Holesko clarified that the building has been engineered to withstand a Category 4 hurricane, not a Category 5 with unlimited wind speeds, and is intended to serve as a hurricane recovery center, not as a hurricane shelter. Andrew Curtin concurred and returned to the podium to speak to the airport’s funds as essential to maintaining the third runway.
When the vote was taken, all commissioners but Smith supported the contract award.
After the meeting
A conversation with Andrew Holesko following the meeting provided additional clarification on the confusion over whether or not the plans called for building the “airplane” tail and nose sections.
Holesko said in an email, “It has always been the intent to build the tail, and build it with the main building, if possible. The tail was separated from the main building in the bid because it is “not required” to build and operate the building. We don’t want it “buried” in a large building cost, because we know that it is a specialty fabrication item (and needs attention as such). Specifically we don’t want it to delay the main building construction if additional funding is needed.
“We didn’t recommend the tail bid additive to F&G this week because of wide variation in bid costs. We will be able to conduct a detailed review of the F&G bid on this item, leading to future consideration of an award within a reasonable budget as determined by City, since Passero is aware of another tail section supplier with a much lower cost than shown in F&G bid.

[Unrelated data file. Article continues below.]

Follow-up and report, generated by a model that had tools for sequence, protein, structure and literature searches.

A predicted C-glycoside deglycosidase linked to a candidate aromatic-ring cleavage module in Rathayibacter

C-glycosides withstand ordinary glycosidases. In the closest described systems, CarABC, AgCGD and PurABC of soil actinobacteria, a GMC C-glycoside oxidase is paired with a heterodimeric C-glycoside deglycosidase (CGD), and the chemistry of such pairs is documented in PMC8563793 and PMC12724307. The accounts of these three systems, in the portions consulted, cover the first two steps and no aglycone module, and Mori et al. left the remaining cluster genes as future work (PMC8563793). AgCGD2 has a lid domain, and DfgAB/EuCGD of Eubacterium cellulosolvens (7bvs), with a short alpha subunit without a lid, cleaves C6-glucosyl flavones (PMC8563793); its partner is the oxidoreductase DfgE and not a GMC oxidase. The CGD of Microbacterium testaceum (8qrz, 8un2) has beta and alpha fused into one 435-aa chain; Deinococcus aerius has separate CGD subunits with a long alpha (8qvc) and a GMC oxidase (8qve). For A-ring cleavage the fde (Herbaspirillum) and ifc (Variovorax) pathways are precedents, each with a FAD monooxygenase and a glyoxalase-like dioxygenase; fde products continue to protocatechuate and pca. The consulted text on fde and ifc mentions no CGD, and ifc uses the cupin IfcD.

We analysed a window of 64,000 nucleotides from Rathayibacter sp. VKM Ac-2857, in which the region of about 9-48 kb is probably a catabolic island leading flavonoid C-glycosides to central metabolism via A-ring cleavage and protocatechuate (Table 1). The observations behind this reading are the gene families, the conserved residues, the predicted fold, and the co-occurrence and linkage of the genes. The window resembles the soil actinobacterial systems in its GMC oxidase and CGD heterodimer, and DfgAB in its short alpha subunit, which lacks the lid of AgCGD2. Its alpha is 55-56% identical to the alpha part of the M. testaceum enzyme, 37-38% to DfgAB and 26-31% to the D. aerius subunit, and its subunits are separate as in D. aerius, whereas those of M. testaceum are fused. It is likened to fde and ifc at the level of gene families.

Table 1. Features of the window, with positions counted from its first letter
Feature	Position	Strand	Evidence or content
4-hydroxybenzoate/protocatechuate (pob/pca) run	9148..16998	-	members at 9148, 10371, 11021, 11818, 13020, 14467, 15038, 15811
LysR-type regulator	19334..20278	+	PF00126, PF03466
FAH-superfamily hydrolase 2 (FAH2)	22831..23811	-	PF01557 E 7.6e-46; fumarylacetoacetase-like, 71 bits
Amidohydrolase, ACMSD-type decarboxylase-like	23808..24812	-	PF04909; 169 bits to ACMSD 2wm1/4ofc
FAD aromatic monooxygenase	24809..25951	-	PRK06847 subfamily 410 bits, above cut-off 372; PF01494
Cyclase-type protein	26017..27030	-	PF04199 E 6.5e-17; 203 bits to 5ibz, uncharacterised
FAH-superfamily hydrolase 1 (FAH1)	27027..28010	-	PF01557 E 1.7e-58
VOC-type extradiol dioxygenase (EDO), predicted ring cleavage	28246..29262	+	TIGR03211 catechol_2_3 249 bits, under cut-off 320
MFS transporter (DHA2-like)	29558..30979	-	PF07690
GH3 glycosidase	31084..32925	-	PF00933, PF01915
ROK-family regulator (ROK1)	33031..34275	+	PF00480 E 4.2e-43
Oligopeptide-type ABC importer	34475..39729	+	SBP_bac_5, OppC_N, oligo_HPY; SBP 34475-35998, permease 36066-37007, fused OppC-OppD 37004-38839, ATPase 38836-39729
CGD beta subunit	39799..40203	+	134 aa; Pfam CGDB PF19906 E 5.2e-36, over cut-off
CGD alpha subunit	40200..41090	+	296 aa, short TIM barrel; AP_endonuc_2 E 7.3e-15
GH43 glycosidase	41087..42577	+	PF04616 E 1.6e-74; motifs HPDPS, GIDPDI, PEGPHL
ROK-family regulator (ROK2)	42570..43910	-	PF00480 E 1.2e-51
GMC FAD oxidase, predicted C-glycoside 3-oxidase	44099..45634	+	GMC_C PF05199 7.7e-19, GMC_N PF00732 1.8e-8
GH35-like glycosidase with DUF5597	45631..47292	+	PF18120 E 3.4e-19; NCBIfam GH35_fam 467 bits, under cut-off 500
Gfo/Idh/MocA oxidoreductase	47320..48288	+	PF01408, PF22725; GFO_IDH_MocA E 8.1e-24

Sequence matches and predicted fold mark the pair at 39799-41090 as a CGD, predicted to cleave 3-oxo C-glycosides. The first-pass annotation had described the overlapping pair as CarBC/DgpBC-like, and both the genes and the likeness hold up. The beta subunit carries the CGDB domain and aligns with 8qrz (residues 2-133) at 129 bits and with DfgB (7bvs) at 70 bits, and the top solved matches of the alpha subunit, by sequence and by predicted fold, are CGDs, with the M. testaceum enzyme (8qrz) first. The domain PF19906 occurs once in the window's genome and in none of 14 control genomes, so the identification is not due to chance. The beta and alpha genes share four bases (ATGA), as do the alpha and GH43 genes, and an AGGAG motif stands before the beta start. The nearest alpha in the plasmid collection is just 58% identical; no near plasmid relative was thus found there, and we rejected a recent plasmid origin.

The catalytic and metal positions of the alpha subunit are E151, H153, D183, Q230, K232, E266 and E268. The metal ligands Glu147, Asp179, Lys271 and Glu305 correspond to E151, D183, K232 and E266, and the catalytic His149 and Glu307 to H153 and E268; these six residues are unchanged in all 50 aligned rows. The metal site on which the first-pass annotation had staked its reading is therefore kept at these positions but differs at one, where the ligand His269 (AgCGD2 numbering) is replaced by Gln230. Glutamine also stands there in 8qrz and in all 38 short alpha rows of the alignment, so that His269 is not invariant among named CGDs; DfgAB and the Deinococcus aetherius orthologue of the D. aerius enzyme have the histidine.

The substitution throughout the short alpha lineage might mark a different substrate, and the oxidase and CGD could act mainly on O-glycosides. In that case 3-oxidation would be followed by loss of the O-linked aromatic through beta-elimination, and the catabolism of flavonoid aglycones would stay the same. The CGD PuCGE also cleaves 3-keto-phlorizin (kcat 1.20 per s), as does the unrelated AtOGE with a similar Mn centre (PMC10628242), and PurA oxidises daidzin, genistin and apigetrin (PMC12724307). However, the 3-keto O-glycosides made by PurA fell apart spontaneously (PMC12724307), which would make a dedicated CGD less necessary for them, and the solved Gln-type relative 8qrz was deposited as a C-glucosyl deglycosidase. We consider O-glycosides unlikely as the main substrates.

“The base bid (without main tail section) does have a small canopy on both the airside and landside entrances, if the tail is not constructed with main building. Again, always the intent (which continues now) to build the tail, and build it with the main building, if possible.”
The city has held many public meetings on this project over recent years. Just since 2016 the list includes:
City Building Committee (public) meetings:
- Jan 14, 2016
- Feb 11, 2016
- Apr 21, 2016
- June 10, 2016 (unanimous approval of concept)
Airport Advisory Commission:
- Presentation and review of building committee concept June 9, 2016
- Updates (every other month) August 2016 to May 2017
- June 21, 2016 (unanimous approval of concept)
- August 8, 2016 (unanimous approval of authorization to design and bid)
- Design/Bid update Jan 3, 2017
Previous FBCC action has been unanimous support of the project as designed.
Readers interested in learning more about this project may search the Fernandina Observer for additional articles and details from previous meetings.
Editor’s Note: Suanne Z. Thamm is a native of Chautauqua County, NY, who moved to Fernandina Beach from Alexandria,VA, in 1994. As a long time city resident and city watcher, she provides interesting insight into the many issues that impact our city. We are grateful for Suanne’s many contributions to the Fernandina Observer.